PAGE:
The Perfumist of Paris: A novel from the bestselling author of The Henna Artist (The Jaipur Trilogy, 3)

From the author of Reese's Book Club Pick THE HENNA ARTIST, the final chapter in Alka Joshi’s NEW YORK TIMES bestselling Jaipur trilogy takes readers to 1970s Paris, where Radha’s budding career as a perfumer must compete with the demands of her family and the secrets of her past.
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368 pages

Average rating: 7.96

49 RATINGS

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3 REVIEWS

Community Reviews

Corvus_Libri
Sep 18, 2023
10/10 stars
A great continuation of the family that you grow to love almost like your own throughout the series. Truly a journey through the lives of the first found family introduced, where people will come into and out of each other's lives as they all grow until you find the peace that lasts with the people that love you wholeheartedly and with every mistake you have made that created you. Radha's trauma from the first book being explored was phenomenal and a great look at acceptance, perspective, and blended families at the beginning of their public acceptance in the 20th century.
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Anonymous
Jul 11, 2023
6/10 stars
I really was so excited to read this book because of how
much I loved the first two books…sadly it fell very short. The details about scents became very mundane. It finally got interesting at about 3/4 of the way through the book.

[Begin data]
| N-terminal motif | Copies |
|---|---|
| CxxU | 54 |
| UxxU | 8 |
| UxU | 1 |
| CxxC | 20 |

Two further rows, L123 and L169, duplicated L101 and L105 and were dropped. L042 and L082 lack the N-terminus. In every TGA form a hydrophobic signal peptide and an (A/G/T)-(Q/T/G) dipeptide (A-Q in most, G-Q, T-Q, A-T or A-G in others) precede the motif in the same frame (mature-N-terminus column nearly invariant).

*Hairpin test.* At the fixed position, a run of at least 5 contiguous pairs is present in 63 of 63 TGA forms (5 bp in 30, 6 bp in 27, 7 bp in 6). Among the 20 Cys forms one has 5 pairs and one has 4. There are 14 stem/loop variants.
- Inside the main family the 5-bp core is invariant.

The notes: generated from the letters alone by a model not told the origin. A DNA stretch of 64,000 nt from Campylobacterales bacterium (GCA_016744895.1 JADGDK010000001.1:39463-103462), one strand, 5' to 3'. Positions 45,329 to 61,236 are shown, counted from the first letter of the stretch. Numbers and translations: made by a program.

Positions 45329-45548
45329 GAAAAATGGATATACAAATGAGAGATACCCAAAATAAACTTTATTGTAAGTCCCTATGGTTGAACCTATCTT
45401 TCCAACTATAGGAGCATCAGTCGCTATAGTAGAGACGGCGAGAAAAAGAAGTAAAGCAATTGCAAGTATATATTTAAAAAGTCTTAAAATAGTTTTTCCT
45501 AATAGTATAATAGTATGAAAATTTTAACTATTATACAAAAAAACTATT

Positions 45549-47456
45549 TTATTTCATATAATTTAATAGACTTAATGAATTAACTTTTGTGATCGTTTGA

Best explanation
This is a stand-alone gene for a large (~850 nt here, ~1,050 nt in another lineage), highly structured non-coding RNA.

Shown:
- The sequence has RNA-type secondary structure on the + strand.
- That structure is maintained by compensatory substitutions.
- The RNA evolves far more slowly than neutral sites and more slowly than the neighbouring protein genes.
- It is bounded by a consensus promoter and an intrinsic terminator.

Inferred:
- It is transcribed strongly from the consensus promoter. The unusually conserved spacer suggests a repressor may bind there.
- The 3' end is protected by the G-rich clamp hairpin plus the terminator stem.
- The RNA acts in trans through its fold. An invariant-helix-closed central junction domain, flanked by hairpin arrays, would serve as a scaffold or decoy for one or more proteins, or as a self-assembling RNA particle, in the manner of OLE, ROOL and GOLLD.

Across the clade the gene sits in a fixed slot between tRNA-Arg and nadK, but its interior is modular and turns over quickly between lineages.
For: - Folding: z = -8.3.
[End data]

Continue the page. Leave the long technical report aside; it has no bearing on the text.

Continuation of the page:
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jenlynerickson
May 26, 2023
8/10 stars
“Perfume. The very word conjures an image of Cleopatra seducing Mark Antony in a bathtub filled with rose petals.” Roses aren’t just an important ingredient in fragrances. In India, “the crazy quilt of business hustle, larger-than-life celebrations and the fiery cuisine,” cooks use roses in food, especially desserts. I included roses on my Insta photo as a tribute to the rose petal jam Gulkand from the Hindi word for rose that Alka Joshi‘s mother made. Alka Joshi’s The Perfumist of Paris brought me back to the Grand Bazaar of Istanbul where thousands of attars, vials of oud and fragrant incense intoxicated my senses. “My memories were rich with scent. And so were my secrets.” Radha was “born of fragrance. It’s in your blood, bones, hair, breath. You eat fragrance in your food. You wear it from the inside out…When you smell your lover, you’re consuming their essence. You want to absorb some part of them. That’s what I create. Fragrances that make people want to consume some part of their wearer.” “My work with fragrances is important to me. It transports me. Excites me. Takes me to places I've never been. I need it. And it makes me feel needed in this world...makes me curious and keeps me wondering. What will this scent do to the wearer? How will it change the way she–or he–moves in this world? What memories will it conjure? Will they be happy ones or sad? Will the fragrance open new possibilities for that person’s future? Those things matter to me.” “My agenda has always been clear–to create the best parfum in Paris. The formulas we create must be both critically successful and commercially viable.” But are white men the only figures to be immortalized in history? Is perfume only the domain of people who look like Radha’s affluent French colleagues or is there room for an Indian woman like her? “Betrayal has a smell. Burnt rubber, ginger, dandelion leaves.” When an insider attempts to subvert Radha’s good work, she must believe fragrance will set her free. “The measure of us isn’t in the day-to-day. And it’s not in our past or our future. It’s in the fundamental changes we make within ourselves over a lifetime.”
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